Avoid These 5 Resume Mistakes
- Friday, December 04, 2009
Does your resume help your job search or hurt it? In working with job seekers and career changers, we often find that their resumes under-represent their abilities and background for their job target, creating a weak first impression. More detrimental than that, however, are resumes that actually evoke a negative reaction from the employer.
Here are five resume mistakes you can easily avoid to make sure your resume gets the positive reaction you want:
Mistake #1: Using a general resume rather than a targeted resume.
Employers spend 30 seconds or less skimming a resume. If you submit a general resume, they simply are not going to take the time to see what you have to offer for a specific position. You have to do the work for them by developing a separate resume for each of your job targets.
To create a targeted, or focused, resume, put a "Job Objective" at the top (under your name and contact information) with the specific job title for which you are applying. Next, include a "Summary of Qualifications" or "Highlights of Qualifications" section that lists your top "selling points" for that position. Make sure that the job duties, accomplishments, etc. you include in your resume are the ones most relevant to your job target. Plan on customizing your resume for every job for which you apply. Doing this will greatly increase the chances that your resume receives the attention it deserves. (See more about targeted resumes in our article, How to Write a Resume that Gets Results.)
Mistake #2: Using a chronological resume format when a functional format would better represent you.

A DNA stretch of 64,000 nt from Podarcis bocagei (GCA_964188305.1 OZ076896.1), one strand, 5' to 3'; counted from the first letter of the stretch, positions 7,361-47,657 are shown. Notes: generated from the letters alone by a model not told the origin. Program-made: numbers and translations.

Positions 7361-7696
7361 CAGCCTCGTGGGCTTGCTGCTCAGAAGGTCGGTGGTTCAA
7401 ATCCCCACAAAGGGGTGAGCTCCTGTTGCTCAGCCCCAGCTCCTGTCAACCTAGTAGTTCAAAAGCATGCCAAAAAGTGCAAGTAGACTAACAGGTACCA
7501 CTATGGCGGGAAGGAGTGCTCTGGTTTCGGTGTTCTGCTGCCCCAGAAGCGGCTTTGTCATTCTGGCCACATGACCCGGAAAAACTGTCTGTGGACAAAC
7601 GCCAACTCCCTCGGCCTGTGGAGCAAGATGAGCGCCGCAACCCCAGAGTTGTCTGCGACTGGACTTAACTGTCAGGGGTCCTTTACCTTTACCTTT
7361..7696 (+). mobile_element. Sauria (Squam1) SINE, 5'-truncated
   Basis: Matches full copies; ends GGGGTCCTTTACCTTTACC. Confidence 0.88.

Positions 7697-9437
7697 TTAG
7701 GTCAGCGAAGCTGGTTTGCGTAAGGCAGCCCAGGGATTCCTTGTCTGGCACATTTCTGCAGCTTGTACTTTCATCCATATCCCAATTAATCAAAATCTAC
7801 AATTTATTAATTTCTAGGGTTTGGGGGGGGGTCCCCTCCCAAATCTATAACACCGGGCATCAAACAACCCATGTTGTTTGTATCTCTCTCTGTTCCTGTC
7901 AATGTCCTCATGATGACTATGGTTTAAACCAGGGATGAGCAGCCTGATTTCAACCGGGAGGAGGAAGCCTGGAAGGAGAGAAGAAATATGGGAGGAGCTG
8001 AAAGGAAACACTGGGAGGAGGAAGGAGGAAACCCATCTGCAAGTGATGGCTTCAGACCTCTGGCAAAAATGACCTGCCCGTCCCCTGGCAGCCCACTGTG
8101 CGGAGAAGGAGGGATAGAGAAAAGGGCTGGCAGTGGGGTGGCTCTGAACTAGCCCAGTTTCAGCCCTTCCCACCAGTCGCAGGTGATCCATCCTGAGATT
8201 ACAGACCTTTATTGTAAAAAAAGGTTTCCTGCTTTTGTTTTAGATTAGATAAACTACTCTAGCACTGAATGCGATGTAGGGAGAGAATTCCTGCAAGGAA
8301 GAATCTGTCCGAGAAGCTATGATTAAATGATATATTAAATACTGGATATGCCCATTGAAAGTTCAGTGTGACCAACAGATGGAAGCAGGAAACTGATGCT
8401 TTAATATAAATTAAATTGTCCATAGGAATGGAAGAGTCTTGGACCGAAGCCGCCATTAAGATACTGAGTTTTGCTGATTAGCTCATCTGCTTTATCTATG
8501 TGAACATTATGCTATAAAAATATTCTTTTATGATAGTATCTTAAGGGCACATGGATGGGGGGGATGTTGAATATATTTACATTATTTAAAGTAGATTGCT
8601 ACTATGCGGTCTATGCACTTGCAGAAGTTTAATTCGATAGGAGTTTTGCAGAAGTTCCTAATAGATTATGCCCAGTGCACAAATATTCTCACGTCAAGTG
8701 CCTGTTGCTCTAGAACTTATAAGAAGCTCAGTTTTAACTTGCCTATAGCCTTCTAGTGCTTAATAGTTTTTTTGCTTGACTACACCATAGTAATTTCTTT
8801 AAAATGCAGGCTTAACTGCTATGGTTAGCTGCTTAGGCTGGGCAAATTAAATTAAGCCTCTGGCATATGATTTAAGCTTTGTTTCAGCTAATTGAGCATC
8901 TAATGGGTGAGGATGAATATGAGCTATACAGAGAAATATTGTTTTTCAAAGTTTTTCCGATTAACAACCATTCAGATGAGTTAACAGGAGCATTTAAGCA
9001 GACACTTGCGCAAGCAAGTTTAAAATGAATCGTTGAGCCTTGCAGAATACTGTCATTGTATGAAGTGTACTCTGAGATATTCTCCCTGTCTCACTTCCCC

You want to make the most strategic choice for your resume format based on your job target; not just use a chronological format because that is most familiar to you. A chronological resume is an arrangement of your qualifying experiences and training listed in reverse chronological order. A chronological resume is most effective when you are applying for a position that is similar or directly related to work you have done previously.
A functional resume highlights your skills and lists your qualifications in their order of importance regardless of the time of occurrence. In a functional resume, you make use of the skills and duties from all of your work history (paid and/or volunteer), education and leisure activities that relate to and qualify you for the job objective. Use the functional format if you plan a career transition, or if you do not have specific paid work experience related to the job you want.
Mistake #3: Using a format that is hard to read.
Your resume should be visually appealing and make it easy for the employer to see what you have to offer for the position. Use adequate margins (no less than .75 on the sides) and a large enough font (usually no smaller than 11 pt.).
Use bulleted items, not paragraphs, to present the information about your background and accomplishments. Paragraphs of text are NOT reader-friendly; employers have said that they are more prone to discard text-dense resumes than ones with a clean bulleted format.
Mistake #4: Advertising your age by going back too far in your job history.
If you are a job seeker in your late 40s, 50s or 60s, you want your resume to showcase your abilities, not present a picture of an "older worker." Age discrimination is a reality with some employers for a variety of reasons; some employers, for example, may think you will be too expensive if you have decades of work experience in a particular area. Depending on the level of position you are seeking, list no more than 10-15 years of work history. Also, omit the year of your college graduation if it was more than 10 years ago.
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